Why Does My Cat Steal My Kisses? The Surprising Reason Behind This Quirky Feline Behavior

Why Does Your Cat “Kiss” You Back?

If your cat ever licks your face after you give them a kiss, you may be left wondering why they engage in this peculiar “kissing” behavior. When your loving kitty reaches their tongue out to lick your lips or nose after a smooch, it can seem like they are returning the affection or trying to “kiss” you back. However, there’s more to this common cat behavior than meets the eye. Your cat licking your kisses away likely has more to do with their natural grooming instincts and scent investigation than showing affection. Let’s explore some of the fascinating reasons behind this behavior!

Explaining the Behavior

Cats lick human faces for several reasons, most of which are completely natural cat behaviors. One key reason is that cats have scent glands around their mouth and nose. When a cat licks a human face, the cat transfers its scents via saliva to the person. According to cats.com, “Cats have scent glands around their nose and mouth, so when they lick you, their scent will transfer to you. This is known as allogrooming and is a sign of bonding.”

By spreading their scents to their human companions, cats are essentially gathering and sharing information. The scents provide cats with detailed information about the humans, enabling cats to recognize their owners. Licking is a tool cats use to become familiar with things and other animals in their environment.

Scientific Explanation

One scientific explanation for why cats lick their owner’s kisses off involves the cat’s Jacobson’s organ. Cats have a special organ called the Jacobson’s organ located in the roof of their mouth. This organ contains sensory cells that detect pheromones – chemical substances that carry information between members of the same species (Cat Behavior Associates, 2012).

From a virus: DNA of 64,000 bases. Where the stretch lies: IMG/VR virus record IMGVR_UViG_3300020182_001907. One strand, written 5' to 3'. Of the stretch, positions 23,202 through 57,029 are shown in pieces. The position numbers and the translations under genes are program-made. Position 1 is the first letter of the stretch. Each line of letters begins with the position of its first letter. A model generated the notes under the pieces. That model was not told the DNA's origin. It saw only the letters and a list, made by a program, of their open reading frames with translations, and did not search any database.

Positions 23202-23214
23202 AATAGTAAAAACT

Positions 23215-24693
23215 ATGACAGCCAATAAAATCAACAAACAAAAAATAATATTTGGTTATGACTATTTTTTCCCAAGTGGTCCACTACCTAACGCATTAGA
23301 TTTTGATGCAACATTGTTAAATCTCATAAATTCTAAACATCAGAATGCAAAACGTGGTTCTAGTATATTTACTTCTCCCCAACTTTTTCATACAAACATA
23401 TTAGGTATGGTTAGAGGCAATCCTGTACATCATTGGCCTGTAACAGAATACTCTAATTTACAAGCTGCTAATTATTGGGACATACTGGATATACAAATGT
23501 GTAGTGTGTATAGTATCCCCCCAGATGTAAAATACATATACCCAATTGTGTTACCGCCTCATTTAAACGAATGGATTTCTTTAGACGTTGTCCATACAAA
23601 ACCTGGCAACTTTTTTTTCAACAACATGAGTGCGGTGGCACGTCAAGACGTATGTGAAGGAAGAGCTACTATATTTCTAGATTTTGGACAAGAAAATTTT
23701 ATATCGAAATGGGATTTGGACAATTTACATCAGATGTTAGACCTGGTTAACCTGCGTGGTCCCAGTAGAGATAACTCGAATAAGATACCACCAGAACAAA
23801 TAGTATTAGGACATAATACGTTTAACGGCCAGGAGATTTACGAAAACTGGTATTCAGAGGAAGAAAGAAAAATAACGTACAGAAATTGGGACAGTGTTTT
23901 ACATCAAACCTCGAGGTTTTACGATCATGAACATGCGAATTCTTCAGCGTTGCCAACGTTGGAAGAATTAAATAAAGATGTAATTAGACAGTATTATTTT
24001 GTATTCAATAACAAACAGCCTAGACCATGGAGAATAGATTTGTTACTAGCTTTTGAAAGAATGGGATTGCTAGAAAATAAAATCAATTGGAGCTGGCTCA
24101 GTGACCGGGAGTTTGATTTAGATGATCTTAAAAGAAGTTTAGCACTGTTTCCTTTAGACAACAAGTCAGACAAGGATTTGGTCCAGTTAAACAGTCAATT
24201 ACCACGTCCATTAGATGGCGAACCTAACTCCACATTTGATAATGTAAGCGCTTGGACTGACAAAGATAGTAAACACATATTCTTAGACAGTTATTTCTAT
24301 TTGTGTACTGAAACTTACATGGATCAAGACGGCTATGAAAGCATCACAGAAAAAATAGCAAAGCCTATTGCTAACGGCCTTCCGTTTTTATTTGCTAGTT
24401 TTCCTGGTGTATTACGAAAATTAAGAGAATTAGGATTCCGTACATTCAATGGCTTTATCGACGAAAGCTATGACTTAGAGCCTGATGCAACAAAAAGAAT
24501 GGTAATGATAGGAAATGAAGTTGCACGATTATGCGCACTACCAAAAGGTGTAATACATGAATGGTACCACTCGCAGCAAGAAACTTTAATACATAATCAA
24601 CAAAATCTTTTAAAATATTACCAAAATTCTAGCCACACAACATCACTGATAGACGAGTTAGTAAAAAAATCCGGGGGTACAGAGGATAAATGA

When cats lick their owners, they pass pheromones from the owner’s skin and saliva onto the Jacobson’s organ. This helps your cat gather information about you through the pheromones you produce. Licking deposits the pheromones directly onto the sensory neurons inside the cat’s Jacobson’s organ. So when your cat licks your kisses off, it is collecting the pheromones from your saliva and essentially “tasting” you.

Social Bonding

One primary reason that cats lick their owner’s faces is as a sign of social bonding and affection. Similar to how cats groom each other, face licking is a way for cats to show kinship and friendship with their owners. When a cat licks another cat, it is a sign of companionship and care between those cats 1. Your cat licks your face for the same reasons – to show you friendship, create closeness, and display their fondness of you. Face licking is a social bonding behavior that allows cats to strengthen connections within their family groups, which includes you.

Scent Mixing

Cats have scent glands around their mouth, cheeks, tail, and paws. When a cat licks a human, the cat transfers some of its scent onto the human. By mixing scents like this, the cat is able to blend its own scent with the human’s scent.

According to Catster, when a cat licks a human, they are “marking you as someone who belongs to them” (https://www.catster.com/guides/do-cats-lick-themselves-to-get-your-scent-off/). Cats have a strong sense of smell, and blending scents reinforces the social bond between cat and human. It signals that the human is part of the cat’s family or social group.

So when a cat licks your kisses off, it is simply mixing your scent with its own scent. This is a natural cat behavior and a sign that the cat feels a close social connection with you.

Owner Tastes Interesting